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dog dandruff

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If you’ve noticed white flakes in your dog’s fur, you might be wondering if they have dandruff  or whether dogs even get dandruff. Yes, they can. Dandruff, or seborrheic dermatitis, is common in dogs and humans alike.

Dandruff is not typically a sign of a serious condition, but you can talk with a veterinarian to find out what may be causing it. Make an appointment sooner rather than later if you see symptoms like extreme itchiness or a change in weight or behavior.

Here’s what you need to know about the types of dog dandruff, what to look for, any possible causes, and best treatment options.

Types of Dandruff in Dogs

Not all dandruff in dogs looks like white flakes. It can be either dry or oily, or it may not even be true dandruff. The underlying skin may or may not be red or patchy from hair loss. Here are the most common types:

  • Seborrhea sicca (dry seborrhea): This dry dandruff may appear as white flakes with crusty skin.

  • Seborrhea oleosa (oily seborrhea): Your dog’s skin may have an oily feel and give off an odor.

  • Walking dandruff: If the dandruff seems like it’s moving, this is called Cheyletiella and is actually a type of mite.

What Causes Dog Dandruff?

Dandruff in dogs can be caused by several factors, including:

  • Allergies

  • A vitamin deficiency (such as a lack of omega fatty acids)

  • Hormone imbalance

  • Immune-related issues

  • Genetic condition (more commonly seen in American Cocker SpanielsWest Highland White TerriersEnglish Springer Spaniels, and Basset Hounds)

  • Low humidity that strips the skin of moisture and dries it out

  • Health conditions, including hypothyroidism (underactive thyroid glands), autoimmune conditions (pemphigus), and diabetes mellitus

  • Cheyletiellosis, or “walking dandruff,” is caused by white mites that can be seen with the naked eye. The mites lay their eggs in the dog’s fur and cause extreme itchiness.

  • Bacterial and fungal skin infections

Diagnosing Dandruff in Dogs

To diagnose the underlying cause of dandruff, a veterinarian may:

  • Perform a physical examination

  • Ask how long the dandruff has been occurring, whether your dog has been scratching (or showing other habits that indicate discomfort), and what your dog’s diet/water intake is

  • Take skin samples (skin scraping) and material from your dog’s hair to check for mites or lice

  • Suggest allergy tests, such as a food elimination diet or an intradermal skin test, if an allergen is suspected

  • Examine skin cells and debris from your dog’s ears for yeast or bacterial infection

  • Do a tissue biopsy to test for cancer

  • Do blood tests to screen for:

Home Remedies and Treatments for Dog Dandruff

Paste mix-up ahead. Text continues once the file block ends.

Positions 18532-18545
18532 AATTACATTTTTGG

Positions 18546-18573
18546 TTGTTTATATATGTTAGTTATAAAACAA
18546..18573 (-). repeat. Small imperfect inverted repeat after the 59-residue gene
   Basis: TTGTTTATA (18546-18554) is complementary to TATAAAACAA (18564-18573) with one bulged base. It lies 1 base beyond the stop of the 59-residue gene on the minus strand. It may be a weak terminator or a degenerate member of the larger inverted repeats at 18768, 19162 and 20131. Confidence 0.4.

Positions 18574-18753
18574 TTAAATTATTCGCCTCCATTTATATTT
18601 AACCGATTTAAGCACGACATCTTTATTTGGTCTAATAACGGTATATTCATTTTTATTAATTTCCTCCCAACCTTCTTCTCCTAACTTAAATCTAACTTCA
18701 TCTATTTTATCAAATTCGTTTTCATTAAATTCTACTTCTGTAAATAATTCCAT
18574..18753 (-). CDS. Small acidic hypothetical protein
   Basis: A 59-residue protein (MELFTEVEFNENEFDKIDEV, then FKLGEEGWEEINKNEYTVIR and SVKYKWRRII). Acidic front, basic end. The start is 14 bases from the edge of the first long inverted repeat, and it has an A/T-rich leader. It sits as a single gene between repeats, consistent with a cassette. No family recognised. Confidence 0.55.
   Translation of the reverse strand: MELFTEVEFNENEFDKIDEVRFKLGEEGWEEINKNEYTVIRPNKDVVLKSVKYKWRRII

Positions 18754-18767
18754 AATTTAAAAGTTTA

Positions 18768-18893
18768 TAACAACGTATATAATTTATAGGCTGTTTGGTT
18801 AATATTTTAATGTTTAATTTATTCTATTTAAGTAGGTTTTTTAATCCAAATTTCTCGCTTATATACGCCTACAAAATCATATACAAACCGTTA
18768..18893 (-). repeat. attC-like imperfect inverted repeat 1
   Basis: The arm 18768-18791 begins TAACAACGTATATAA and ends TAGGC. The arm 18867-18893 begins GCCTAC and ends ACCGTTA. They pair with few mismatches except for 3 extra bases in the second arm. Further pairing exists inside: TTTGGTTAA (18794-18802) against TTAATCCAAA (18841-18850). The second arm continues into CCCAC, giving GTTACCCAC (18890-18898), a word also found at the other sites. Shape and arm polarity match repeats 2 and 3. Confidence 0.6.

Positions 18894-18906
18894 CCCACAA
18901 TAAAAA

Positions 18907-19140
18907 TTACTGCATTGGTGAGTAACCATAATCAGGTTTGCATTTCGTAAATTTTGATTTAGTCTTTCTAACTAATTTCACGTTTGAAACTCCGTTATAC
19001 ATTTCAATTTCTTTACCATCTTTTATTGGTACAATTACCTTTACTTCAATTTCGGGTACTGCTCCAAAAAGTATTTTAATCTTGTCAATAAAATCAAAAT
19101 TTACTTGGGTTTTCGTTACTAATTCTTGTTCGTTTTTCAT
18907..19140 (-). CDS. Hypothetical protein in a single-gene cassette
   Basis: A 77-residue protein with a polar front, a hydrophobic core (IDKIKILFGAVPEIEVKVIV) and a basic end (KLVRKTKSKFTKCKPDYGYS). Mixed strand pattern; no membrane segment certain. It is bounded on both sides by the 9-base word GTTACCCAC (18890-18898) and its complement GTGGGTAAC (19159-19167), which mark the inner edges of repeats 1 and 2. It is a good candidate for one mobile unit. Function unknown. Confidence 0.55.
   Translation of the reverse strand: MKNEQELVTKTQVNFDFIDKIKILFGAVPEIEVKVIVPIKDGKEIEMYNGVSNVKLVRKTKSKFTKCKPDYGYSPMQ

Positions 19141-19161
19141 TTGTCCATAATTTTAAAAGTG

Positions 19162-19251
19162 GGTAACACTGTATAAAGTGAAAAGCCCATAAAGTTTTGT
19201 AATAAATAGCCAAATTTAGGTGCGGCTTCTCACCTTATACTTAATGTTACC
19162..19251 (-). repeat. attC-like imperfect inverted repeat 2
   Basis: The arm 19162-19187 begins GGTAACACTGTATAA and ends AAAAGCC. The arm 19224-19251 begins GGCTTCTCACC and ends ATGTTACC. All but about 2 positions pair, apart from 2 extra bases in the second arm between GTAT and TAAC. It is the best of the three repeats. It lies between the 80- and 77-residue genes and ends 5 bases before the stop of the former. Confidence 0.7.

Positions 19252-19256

In simple cases, dandruff may be prevented with good nutrition and regular grooming. Some veterinarians may suggest adding omega-6 fatty acids to the diet, but always check with your veterinarian before changing your dog’s diet.

Be sure to talk with your vet for at-home remedies that fit your dog’s situation. Never use anti-dandruff products for humans; these products can be harmful to dogs.

Other treatment recommendations may include:

  • Bathing your dog regularly, using an oatmeal-based dog shampoo or soothing shampoos such as Virbac Epi-Soothe. Persistent dandruff may require a prescription shampoo to calm itchy, aggravated skin.

  • Frequent brushing is important to massage the skin and help spread a dog’s natural oils over their body. Using the right brush is also important (one with the right firmness for your dog). Depending on your dog’s coat, you may try FURminator de-shedding tools for different coat lengths, or products like de-matting brushes and shine/condition soft-bristle brushes.

  • Mites (cheyletiellosis) require extensive treatment because they can live up to 10 days on everyday objects.

    • All pets with mites should be bathed 6 to 8 times a week. A vet may prescribe rinses containing insecticide and lime sulfur, along with oral medication.

    • Bedding, kennels, and rugs can be cleaned to prevent reinfestation.

Dandruff in Dogs FAQs

Why does my dog have dandruff?

Dandruff can occur in dogs as a result of dry, flaky skin; as a reaction to an allergen; or as the result of a mite infestation.

Should I be worried if my dog has dandruff?

Dandruff is usually not a cause for concern unless there are other signs, such as constant scratching or symptoms that may suggest a more serious underlying condition, like diabetes or Cushing’s disease.

Featured Image: iStock.com/Natee127

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